We deliver scalable and robust GMP-compliant manufacturing processes for viral vectors.
At Batavia Biosciences, we operate a range of different manufacturing scales and utilize diverse cell culture equipment for both adherent growth and growth in suspension. The scale ranges from high-throughput 20 mL spin-tubes up to 200 L bioreactors. The equipment ranges from mini bioreactors, shake flasks, WAVE Bioreactors™ , various stirred tank bioreactors to fixed-bed bioreactors (iCELLis® and scale-X™ systems) to support high cell density cell cultures.
We perform state-of-the art manufacturing of diverse viral vectors on par with literature values. For instance, typical yields of 1013 virus particles per liter cell culture of replication-deficient adenoviral vectors are obtained (Vellinga et al, 2014). Typically, 105 viral genomes per cell can be obtained for AAV vectors (Aponte-Ubillus, 2018), and 107 transducing units per milliliter of culture for lentiviral vectors (Merten et al, 2017). For measles vectors, typically 107 TCID50 units/mL are obtained (Grein et al, 2016), whereas for VSV vectors typical titers obtained are 108 plaque forming units per milliliter (Clarke et al, 2016). Here, it must be noted that these reported yields do not take into account variations in transgenes, promotors, production equipment, cell line platforms, cell and virus culture media. Therefore, yields from bioreactor harvests may vary from product to product.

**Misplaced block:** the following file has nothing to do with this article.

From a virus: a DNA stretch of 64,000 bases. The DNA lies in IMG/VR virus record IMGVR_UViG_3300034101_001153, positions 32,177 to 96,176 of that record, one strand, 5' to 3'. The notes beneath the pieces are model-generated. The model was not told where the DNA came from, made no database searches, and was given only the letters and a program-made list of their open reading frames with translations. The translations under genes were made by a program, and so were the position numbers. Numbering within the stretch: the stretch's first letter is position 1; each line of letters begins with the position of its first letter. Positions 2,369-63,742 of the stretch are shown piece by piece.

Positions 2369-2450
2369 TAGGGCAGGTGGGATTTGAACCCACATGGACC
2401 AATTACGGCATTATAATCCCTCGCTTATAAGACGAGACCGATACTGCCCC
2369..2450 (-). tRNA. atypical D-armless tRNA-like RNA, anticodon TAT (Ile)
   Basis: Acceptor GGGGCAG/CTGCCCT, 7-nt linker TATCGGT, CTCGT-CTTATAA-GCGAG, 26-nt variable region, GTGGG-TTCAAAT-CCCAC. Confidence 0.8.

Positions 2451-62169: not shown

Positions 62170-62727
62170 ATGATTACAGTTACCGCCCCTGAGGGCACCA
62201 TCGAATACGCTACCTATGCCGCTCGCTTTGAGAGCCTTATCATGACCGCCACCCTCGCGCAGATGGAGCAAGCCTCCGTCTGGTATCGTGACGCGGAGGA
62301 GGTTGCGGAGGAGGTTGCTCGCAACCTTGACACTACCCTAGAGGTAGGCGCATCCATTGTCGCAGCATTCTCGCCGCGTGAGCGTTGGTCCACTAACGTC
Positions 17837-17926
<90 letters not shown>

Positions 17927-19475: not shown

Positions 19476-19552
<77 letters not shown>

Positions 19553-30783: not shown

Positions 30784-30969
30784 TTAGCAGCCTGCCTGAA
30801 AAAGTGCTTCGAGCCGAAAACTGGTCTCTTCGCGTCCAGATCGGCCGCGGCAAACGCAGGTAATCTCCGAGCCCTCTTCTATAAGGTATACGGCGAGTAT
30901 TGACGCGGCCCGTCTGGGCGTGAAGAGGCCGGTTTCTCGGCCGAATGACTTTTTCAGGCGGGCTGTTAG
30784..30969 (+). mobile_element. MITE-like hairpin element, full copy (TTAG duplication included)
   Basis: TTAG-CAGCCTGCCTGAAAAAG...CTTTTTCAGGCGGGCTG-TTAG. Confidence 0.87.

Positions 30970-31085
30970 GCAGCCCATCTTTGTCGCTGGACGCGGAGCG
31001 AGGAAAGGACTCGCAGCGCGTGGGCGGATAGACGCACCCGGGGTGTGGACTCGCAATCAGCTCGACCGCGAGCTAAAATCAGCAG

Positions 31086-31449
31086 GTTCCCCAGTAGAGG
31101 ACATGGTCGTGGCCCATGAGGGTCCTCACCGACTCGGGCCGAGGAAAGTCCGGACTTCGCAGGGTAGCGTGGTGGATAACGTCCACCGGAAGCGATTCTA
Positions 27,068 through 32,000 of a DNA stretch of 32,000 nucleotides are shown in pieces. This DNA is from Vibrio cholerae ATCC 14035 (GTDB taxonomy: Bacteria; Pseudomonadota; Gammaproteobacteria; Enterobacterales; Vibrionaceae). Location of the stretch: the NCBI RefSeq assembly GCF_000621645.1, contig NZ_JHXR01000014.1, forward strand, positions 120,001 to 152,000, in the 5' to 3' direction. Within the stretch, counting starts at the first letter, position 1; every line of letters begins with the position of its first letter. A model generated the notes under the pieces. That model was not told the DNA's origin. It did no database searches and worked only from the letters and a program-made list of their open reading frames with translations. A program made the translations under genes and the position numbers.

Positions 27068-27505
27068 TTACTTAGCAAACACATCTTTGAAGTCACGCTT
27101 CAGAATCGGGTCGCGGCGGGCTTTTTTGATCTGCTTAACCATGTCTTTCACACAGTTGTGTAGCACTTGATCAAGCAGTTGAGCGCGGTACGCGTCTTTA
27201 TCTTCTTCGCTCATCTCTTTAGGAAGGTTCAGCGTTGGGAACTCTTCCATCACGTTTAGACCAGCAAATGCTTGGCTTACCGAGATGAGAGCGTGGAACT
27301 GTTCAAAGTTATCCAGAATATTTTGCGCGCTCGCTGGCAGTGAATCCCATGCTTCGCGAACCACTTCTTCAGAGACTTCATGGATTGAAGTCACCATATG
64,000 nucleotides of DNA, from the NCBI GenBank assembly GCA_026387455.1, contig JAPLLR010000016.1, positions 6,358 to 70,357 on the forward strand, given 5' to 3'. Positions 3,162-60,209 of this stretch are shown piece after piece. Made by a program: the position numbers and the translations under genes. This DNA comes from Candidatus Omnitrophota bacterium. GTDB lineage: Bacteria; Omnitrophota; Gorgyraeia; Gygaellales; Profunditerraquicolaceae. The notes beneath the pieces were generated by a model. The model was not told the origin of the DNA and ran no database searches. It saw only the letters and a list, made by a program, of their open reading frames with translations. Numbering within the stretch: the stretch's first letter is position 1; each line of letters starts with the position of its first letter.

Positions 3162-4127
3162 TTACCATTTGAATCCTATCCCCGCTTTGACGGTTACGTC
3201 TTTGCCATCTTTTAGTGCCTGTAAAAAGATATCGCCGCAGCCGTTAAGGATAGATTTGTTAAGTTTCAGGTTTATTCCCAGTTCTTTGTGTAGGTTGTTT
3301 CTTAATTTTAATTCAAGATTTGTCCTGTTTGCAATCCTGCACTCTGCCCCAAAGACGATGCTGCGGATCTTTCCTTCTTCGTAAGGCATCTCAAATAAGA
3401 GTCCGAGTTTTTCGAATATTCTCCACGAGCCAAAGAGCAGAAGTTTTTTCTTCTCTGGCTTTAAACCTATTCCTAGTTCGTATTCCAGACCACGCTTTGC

For product-specific protocol development, we utilize Design of Experiments, our generic manufacturing protocols, and our SCOUT® technology. SCOUT technology can be used, to test a large panel of production media and generic feed strategies. In a SCOUT experiment, cultures are scaled down in mini bioreactors to efficiently test various growth conditions to optimize cell growth. The critical deliverables are short cell population doubling times, high cell density and viability. In addition, the SCOUT technology is used to rapidly anchor critical parameters such as multiplicity of infection (MOI), time of harvest and best plasmid transfection practices. Findings from the small scale studies will subsequently be translated to pilot and large-scale protocols to further establish the manufacturing process. For all our viral vector systems, we have generic standard operation procedures (SOPs) available on vector production, which can be used as a basis to develop the product-specific production process.